Statistics from Altmetric.com
Objective: The purpose of this research is to evaluate the effectiveness of the US Consumer Product Safety Commission’s (CPSC) Safety Standard for Cigarette Lighters, which requires that disposable cigarette lighters be resistant to operation by children younger than age 5.
Methods: Fire data on children playing with lighters were solicited from selected US fire departments for incidents occurring from 1997–99, to identify the proportion of such fires caused by children younger than age 5 playing with cigarette lighters. These data were compared with similar data from 1985–87. An odds ratio was used to determine if there was a significant decrease in cigarette lighter fires caused by children younger than age 5 compared to children ages 5 and older. To estimate fires that would have occurred without the standard, the odds ratio, adjusted for population, was applied to 1998 national estimates of fires occurring. National estimates of 1998 fire losses were based on data from the National Fire Incident Reporting System and the National Fire Protection Association to which the 1997–99 age and lighter type distributions were applied. The difference between the fire losses that would have occurred and those that did occur represented fire losses prevented.
Results: In the post-standard study, 48% of the cigarette lighter fires were started by children younger than age 5, compared with 71% in the pre-standard study. The odds ratio of 0.42 was statistically significant (p<0.01). This represented a 58% reduction in fires caused by the younger age group compared to the older age group. When applied to national fire loss data, an estimated 3300 fires, 100 deaths, 660 injuries, and $52.5 million in property loss were prevented by the standard in 1998, totaling $566.8 million in 1998 societal savings.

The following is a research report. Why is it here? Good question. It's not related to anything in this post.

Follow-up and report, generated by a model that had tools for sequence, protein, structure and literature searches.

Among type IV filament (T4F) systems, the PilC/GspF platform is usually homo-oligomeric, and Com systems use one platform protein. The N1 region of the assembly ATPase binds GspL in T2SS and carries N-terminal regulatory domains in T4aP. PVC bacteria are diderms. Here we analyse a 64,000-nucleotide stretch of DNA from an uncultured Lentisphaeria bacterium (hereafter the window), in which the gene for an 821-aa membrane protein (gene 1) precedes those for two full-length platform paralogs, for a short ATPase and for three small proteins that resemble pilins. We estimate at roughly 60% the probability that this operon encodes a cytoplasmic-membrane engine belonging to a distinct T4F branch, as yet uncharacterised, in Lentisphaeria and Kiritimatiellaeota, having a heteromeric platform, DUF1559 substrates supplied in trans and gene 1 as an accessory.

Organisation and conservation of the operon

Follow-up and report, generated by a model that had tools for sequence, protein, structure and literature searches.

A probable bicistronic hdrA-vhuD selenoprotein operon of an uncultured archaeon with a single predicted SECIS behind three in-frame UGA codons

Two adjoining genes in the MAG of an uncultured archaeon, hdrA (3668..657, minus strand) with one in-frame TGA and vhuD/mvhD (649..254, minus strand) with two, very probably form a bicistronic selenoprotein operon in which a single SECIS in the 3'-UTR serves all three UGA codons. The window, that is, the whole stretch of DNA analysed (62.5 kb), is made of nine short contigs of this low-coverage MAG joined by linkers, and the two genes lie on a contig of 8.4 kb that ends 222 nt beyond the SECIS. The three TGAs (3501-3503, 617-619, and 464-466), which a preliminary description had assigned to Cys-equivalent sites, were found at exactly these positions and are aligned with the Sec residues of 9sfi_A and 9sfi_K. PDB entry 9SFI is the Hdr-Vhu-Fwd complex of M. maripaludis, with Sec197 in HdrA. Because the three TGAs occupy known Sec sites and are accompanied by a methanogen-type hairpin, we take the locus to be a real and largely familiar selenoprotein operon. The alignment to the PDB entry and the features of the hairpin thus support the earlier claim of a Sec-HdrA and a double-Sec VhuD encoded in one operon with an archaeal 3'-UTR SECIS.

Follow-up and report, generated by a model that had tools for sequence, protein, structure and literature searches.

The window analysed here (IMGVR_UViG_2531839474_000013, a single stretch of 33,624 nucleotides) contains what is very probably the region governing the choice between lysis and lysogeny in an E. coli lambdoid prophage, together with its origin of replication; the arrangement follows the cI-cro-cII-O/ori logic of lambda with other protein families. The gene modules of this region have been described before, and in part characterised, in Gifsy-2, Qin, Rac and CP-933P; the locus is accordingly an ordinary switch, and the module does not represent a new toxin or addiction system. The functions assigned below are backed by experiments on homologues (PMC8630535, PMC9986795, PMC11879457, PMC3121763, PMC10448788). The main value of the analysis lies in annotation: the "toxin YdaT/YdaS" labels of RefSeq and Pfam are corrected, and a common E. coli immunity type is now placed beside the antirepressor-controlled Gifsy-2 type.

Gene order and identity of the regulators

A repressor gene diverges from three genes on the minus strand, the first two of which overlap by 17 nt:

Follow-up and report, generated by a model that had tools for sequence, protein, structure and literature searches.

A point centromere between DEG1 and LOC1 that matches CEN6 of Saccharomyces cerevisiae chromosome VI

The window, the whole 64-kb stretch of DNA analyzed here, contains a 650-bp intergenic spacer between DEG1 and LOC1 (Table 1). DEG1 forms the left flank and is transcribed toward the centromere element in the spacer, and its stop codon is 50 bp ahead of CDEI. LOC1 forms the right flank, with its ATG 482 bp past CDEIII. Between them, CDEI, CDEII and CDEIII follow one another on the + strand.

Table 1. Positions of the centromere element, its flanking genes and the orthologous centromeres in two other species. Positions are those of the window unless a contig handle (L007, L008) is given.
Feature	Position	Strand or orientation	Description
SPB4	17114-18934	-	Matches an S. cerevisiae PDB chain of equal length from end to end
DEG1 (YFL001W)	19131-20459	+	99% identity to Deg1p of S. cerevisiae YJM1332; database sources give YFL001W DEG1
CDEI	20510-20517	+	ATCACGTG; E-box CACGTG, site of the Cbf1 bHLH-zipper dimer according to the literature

Conclusions: The CPSC standard requiring child resistant cigarette lighters has reduced fire deaths, injuries, and property loss caused by children playing with cigarette lighters and can be expected to prevent additional fire losses in subsequent years.
If you wish to reuse any or all of this article please use the link below which will take you to the Copyright Clearance Center’s RightsLink service. You will be able to get a quick price and instant permission to reuse the content in many different ways.